Lieberman left the Olmert government in wake of the Annapolis Conference, which convened in November 2007, following the start of the talks between Olmert and Palestinian Authority President Mahmoud Abbas on the so-called "core issues." Lieberman drew a clear red line in the sand.

After Olmert left politics under a cloud, Lieberman gained access to the full details of Olmert's proposal to Abbas (to which Abbas has not responded, to this day ). It is the most far-reaching plan ever made by an Israeli prime minister to a Palestinian interlocutor. Lieberman said he was appalled when he read the details.

So, with all due respect to friendship and the seeds the two still crack together at Beitar Jerusalem soccer games in Teddy Stadium, Olmert cannot include Lieberman in his bloc. Here is what Lieberman said in a radio program this Wednesday: "I have had excellent relations with Olmert for many years, irrespective of the positions we held. But there is no doubt that we will first of all want to form a national coalition, with the national camp. It is essential for the national camp to continue running the country. With all the difficulties and all the problems, there were four years that proved that the national camp can manage and steer matters very well. I think that Yisrael Beiteinu played a large part in that management."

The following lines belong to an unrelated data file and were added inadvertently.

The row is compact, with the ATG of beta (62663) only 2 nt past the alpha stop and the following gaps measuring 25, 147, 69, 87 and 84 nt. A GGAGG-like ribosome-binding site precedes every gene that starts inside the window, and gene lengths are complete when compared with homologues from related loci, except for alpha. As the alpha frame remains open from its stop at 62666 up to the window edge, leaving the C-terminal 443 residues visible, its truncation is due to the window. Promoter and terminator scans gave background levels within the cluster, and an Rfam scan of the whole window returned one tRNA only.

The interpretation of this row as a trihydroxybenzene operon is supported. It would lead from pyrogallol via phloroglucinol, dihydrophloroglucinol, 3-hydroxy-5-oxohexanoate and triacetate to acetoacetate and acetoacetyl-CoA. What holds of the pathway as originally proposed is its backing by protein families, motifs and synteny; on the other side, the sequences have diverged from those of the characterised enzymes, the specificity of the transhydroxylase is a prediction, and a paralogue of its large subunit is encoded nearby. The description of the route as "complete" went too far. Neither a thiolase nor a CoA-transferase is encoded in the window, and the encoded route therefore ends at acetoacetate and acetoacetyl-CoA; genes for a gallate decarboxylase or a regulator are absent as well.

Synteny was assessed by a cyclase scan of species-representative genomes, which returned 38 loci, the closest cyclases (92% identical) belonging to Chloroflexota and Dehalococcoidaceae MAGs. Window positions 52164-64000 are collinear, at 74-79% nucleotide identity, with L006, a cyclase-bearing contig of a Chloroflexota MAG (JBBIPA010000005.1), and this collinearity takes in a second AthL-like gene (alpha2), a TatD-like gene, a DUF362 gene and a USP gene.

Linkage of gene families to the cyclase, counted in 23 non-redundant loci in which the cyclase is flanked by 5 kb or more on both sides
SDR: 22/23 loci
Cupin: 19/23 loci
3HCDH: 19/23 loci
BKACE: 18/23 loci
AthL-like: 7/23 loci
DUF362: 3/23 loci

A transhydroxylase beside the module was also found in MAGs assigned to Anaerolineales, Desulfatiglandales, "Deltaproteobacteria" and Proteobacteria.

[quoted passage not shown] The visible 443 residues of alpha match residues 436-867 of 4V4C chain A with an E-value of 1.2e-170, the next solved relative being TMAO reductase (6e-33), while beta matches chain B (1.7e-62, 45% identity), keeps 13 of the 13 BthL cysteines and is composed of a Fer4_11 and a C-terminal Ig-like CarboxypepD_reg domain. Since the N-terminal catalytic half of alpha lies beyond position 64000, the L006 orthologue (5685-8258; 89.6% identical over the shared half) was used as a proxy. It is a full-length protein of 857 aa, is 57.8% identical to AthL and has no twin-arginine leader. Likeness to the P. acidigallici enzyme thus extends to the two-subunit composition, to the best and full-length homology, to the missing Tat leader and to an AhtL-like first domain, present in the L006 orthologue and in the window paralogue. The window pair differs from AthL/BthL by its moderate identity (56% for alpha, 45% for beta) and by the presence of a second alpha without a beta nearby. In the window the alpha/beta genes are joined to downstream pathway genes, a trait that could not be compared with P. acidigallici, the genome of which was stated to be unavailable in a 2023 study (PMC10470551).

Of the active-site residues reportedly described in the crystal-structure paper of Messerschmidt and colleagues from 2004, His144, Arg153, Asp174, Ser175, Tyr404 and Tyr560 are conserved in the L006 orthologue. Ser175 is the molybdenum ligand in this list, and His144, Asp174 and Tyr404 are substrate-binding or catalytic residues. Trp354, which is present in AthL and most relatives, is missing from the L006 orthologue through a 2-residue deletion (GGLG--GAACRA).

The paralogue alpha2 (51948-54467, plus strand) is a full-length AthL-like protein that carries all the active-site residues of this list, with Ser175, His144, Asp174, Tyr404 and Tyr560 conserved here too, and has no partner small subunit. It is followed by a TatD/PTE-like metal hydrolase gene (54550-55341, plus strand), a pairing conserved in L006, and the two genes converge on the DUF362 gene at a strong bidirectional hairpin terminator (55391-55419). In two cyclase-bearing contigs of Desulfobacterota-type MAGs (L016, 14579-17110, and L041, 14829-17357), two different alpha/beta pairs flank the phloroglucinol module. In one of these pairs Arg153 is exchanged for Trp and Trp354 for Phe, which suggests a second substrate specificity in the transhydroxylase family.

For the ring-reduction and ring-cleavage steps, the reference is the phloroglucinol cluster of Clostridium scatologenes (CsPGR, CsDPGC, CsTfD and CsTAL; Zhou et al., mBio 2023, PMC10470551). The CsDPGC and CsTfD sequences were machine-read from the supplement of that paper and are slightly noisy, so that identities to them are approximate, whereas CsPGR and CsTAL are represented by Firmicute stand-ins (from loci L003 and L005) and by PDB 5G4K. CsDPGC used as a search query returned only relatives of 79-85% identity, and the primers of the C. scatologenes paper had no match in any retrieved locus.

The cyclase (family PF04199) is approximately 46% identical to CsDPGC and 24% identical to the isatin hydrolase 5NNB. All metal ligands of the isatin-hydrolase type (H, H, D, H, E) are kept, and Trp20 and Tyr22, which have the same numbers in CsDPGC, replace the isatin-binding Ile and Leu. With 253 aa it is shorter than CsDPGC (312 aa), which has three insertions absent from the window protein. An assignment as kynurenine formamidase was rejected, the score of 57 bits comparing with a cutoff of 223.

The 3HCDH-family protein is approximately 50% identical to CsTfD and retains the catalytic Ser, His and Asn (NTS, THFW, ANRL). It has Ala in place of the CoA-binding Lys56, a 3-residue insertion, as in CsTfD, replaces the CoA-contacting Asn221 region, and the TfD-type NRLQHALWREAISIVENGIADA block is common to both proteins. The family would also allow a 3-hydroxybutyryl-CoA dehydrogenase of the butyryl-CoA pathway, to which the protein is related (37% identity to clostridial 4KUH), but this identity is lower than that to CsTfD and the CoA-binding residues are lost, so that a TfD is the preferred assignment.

The friendship between Lieberman and Netanyahu may not be as close as that between Lieberman and Olmert - but politics has ways of its own. Lieberman was Netanyahu's partner in the move to advance the elections last May. Then he agreed to bring Kadima into the coalition. He went with Netanyahu to the United Nations and praised his red line "marker" speech. And he was a full behind-the-scenes partner in Netanyahu's considerations and decision to move up the elections now. No one should be surprised if he has a promise from Netanyahu to retain the foreign affairs portfolio in the next government, too.

Lieberman reads polls and understands polls. He understands that, in the game of the blocs, Netanyahu will be the next prime minister. That is why, in contrast to his non-committal behavior in the 2006 and 2009 elections, he has chosen to declare his intentions in advance. It stands to reason that he also declared them to Olmert in their meeting this week. And that is one more thing Olmert will have to take into account.